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Williamsbridge Oval

Williamsbridge Oval Playground

This text is part of Parks’ Historical Signs Project and can be found posted within the park.

This playground is located in the northwest quadrant of a 19.7-acre recreational facility built on the former site of a reservoir. On May 1, 1887 the City of New York acquired the property northeast of Bainbridge Avenue and East 207th Street, and two years later opened the Williamsbridge Reservoir. Measuring 925 feet long by 525 feet wide, and with a 46 foot high embankment, the oval receiving reservoir had a capacity of 120 million gallons of water. It was linked to the upstate reservoir at Kensico by a 48-inch diameter cast-iron pipeline extending 15.2 miles.

By 1934 the reservoir was no longer needed for water supply purposes, and the land was transferred to Parks to develop an athletic complex. A proposal to construct a stadium on the site was resisted by the Williamsbridge Civic Association. They felt that the arena would disturb local residents, and that "the gathering of large and noisy crowds in the stadium would seriously impair the efficiency and usefulness" of the nearby Montefiore Hospital.

A new plan was devised, and the reservoir floor was raised to twelve feet below street level. When Williamsbridge Oval was opened on September 11, 1937 by Parks Commissioner Robert Moses during the LaGuardia Administration, it contained a running track, football and baseball fields, a basketball court, 16 hard-surface tennis courts, a horseshoe pit, a large wading pool, a cinder running track, a field house, and two children’s playgrounds. The opening day celebration included a parade and dances in which 200 local children participated. Exhibition track and tennis matches as well as a football scrimmage followed the formal ceremony. The event concluded with a race featuring America’s foremost miler at the time, Glenn Cunningham, later a Congressman from Nebraska.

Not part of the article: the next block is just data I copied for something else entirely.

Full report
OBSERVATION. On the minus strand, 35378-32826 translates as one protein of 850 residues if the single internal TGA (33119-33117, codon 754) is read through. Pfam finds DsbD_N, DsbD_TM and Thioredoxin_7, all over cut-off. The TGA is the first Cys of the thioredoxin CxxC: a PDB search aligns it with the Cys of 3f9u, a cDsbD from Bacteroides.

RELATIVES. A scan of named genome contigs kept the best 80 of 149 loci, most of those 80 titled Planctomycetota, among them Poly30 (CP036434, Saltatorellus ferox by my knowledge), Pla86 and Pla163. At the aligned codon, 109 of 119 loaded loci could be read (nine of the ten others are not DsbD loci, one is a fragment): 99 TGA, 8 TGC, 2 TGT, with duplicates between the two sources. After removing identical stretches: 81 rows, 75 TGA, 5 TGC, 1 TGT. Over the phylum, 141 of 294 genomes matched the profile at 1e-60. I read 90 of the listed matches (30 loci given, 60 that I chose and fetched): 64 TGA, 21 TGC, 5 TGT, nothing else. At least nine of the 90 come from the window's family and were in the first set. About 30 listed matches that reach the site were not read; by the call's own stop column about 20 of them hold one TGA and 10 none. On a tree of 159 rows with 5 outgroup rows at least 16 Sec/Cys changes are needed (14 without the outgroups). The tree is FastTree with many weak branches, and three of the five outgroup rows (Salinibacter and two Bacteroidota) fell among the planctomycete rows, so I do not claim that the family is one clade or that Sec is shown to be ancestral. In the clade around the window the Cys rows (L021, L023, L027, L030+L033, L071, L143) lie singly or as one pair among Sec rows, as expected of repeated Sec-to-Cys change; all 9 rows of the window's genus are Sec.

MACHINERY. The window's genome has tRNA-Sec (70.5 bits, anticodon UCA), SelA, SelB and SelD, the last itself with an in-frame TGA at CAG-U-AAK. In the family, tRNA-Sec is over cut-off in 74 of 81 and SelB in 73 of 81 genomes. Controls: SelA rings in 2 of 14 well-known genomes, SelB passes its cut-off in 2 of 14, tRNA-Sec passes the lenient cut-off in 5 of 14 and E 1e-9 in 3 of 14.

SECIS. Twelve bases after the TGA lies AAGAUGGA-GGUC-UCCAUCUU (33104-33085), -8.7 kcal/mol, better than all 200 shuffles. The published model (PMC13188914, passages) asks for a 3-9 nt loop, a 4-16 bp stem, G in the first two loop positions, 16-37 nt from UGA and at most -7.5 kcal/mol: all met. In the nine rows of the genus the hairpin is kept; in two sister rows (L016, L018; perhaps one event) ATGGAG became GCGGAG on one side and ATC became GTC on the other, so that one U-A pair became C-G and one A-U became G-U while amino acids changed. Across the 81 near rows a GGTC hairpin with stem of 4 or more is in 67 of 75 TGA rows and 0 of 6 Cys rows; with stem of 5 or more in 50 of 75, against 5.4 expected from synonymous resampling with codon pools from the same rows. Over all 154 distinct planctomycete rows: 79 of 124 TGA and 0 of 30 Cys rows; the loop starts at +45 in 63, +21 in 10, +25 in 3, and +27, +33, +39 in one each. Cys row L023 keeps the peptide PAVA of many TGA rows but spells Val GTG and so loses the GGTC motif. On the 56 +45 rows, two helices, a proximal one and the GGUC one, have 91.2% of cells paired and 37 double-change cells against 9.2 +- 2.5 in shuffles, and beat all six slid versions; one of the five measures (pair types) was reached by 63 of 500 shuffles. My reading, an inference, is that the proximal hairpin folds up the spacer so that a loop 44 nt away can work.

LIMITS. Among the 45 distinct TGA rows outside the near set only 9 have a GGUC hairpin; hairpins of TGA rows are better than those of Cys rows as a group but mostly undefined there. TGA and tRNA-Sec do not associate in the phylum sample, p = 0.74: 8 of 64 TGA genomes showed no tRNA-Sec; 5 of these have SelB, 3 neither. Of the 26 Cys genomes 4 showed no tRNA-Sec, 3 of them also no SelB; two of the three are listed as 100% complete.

Williamsbridge Oval is derived from Williams’ Bridge, which was named for John Williams. In the 18th century Williams had a farm on the east bank of the Bronx River in the vicinity of Gun Hill Road and White Plains Road. Some credit him with building the first crossing over the Bronx River. Though the story remains unproven, his farm was closest to the earliest span, and by the 19th century the bridge and surrounding community had become known as Williamsbridge. The neighborhood of the oval is also called Norwood, after an 1889 real estate development.

This playground was renovated through a $499,363 capital project funded by Council Member June M. Eisland, which was completed in December 1996. It includes three distinct state-of-the-art modular play structures as well as new safety surfacing. There is an extensive ground graphic system, consisting of bright multi-colored shapes which create a fanciful path for young children.

Directions to Williamsbridge Oval

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